Article by Joseph Hall, Toronto Star
Dastiger Khan was a University of Waterloo fraternity brother when he noticed something troubling wafting over many of the parties he and his friends would throw.
“Me and my partners, we threw a lot of events … and we always promoted designated drivers at our parties,” says Khan, a 23-year-old economics major at the school. “What we often noticed was individuals that would be fine with not drinking and driving (but) they would be fine with smoking a joint or hitting a bong.”
Worried they could face civil or criminal liability if a stoned driver got into an accident, Khan and three pals from Waterloo’s Wilfrid Laurier University brainstormed. And out of that came a new roadside screening device — known as Guard-Ex — that has attracted $1 million in start-up funding and is now being road-tested by several municipal police forces across the province.
Instead of screening for levels of alcohol, cannabis components or other drugs in the body, the group’s new technology acts more like a cop in a box — incorporating many of the roadside tests that specially trained police officers would conduct to determine impairment.
Specifically, the contraption mimics many of the important functions that are part of the Standardized Field Sobriety Test (SFST) and the Drug Recognition Expert (DRE) protocols, which are the gold standard for determining if someone is wrecked behind the wheel.
The trouble with these established tests, however, are twofold.
First, because of the expense — some $15,000 to fully train and equip an officer — only a small portion of police on any force are taught the techniques. The Toronto Police Service, for example, has only a “few hundred” of its 5,400 uniformed officers trained in the specialized screening tests, says spokesperson Clint Stibbe.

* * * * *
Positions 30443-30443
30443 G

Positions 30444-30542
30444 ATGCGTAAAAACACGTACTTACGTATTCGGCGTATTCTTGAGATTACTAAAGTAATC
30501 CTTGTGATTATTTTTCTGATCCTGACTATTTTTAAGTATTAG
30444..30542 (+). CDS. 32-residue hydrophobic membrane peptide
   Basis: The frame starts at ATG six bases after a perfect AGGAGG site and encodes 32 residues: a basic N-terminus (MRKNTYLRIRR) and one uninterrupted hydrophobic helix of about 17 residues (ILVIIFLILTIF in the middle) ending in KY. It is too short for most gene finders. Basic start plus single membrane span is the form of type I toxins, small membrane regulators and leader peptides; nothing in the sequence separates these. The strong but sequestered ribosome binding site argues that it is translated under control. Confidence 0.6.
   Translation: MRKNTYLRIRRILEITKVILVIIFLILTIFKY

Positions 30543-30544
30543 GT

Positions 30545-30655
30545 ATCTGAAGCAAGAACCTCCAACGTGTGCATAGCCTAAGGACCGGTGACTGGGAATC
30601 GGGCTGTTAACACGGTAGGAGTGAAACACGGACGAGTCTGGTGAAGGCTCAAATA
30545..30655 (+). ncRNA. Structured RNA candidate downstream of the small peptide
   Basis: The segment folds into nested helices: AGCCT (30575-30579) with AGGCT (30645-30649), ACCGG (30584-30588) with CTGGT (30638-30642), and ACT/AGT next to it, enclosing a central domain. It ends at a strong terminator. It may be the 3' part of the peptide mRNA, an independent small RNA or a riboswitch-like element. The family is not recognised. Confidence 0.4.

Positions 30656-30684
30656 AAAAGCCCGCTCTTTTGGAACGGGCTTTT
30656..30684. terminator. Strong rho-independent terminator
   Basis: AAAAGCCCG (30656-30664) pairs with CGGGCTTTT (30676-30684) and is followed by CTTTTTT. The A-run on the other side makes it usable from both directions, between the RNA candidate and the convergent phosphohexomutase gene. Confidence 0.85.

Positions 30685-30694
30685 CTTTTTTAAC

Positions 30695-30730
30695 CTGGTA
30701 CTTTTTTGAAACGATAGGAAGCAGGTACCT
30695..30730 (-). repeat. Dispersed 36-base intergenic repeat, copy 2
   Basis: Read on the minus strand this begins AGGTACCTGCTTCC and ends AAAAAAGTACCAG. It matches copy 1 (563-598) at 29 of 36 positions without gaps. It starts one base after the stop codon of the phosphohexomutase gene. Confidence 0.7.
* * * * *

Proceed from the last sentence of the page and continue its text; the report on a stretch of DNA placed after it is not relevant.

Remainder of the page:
Second, the main line of attack that defence lawyers use in court for clients judged impaired by the trained officers is that the tests were biased or flawed in their administration.
“We’re taking (many) of the different tests from the DFST and DRE and we’re automating them,” Khan says. “It removes the human bias and error from it, and it can concretely hold up in court,” he says, adding the devices would also make the tests more widely available.
The device — which can be mounted at head height on an adjustable pole — comes in a black, hard-shelled case, which opens up to expose a host of testing gadgetry on its inner face.
There is a virtual-reality-like visor that drivers look into for a series of tests that track eye movement. These include horizontal gaze nystagmus and vertical gaze nystagmus exams, which police would normally perform by scanning a pen light in front of a driver’s face to check for shaking or jerking in the eyes, as they move sideways and up and down.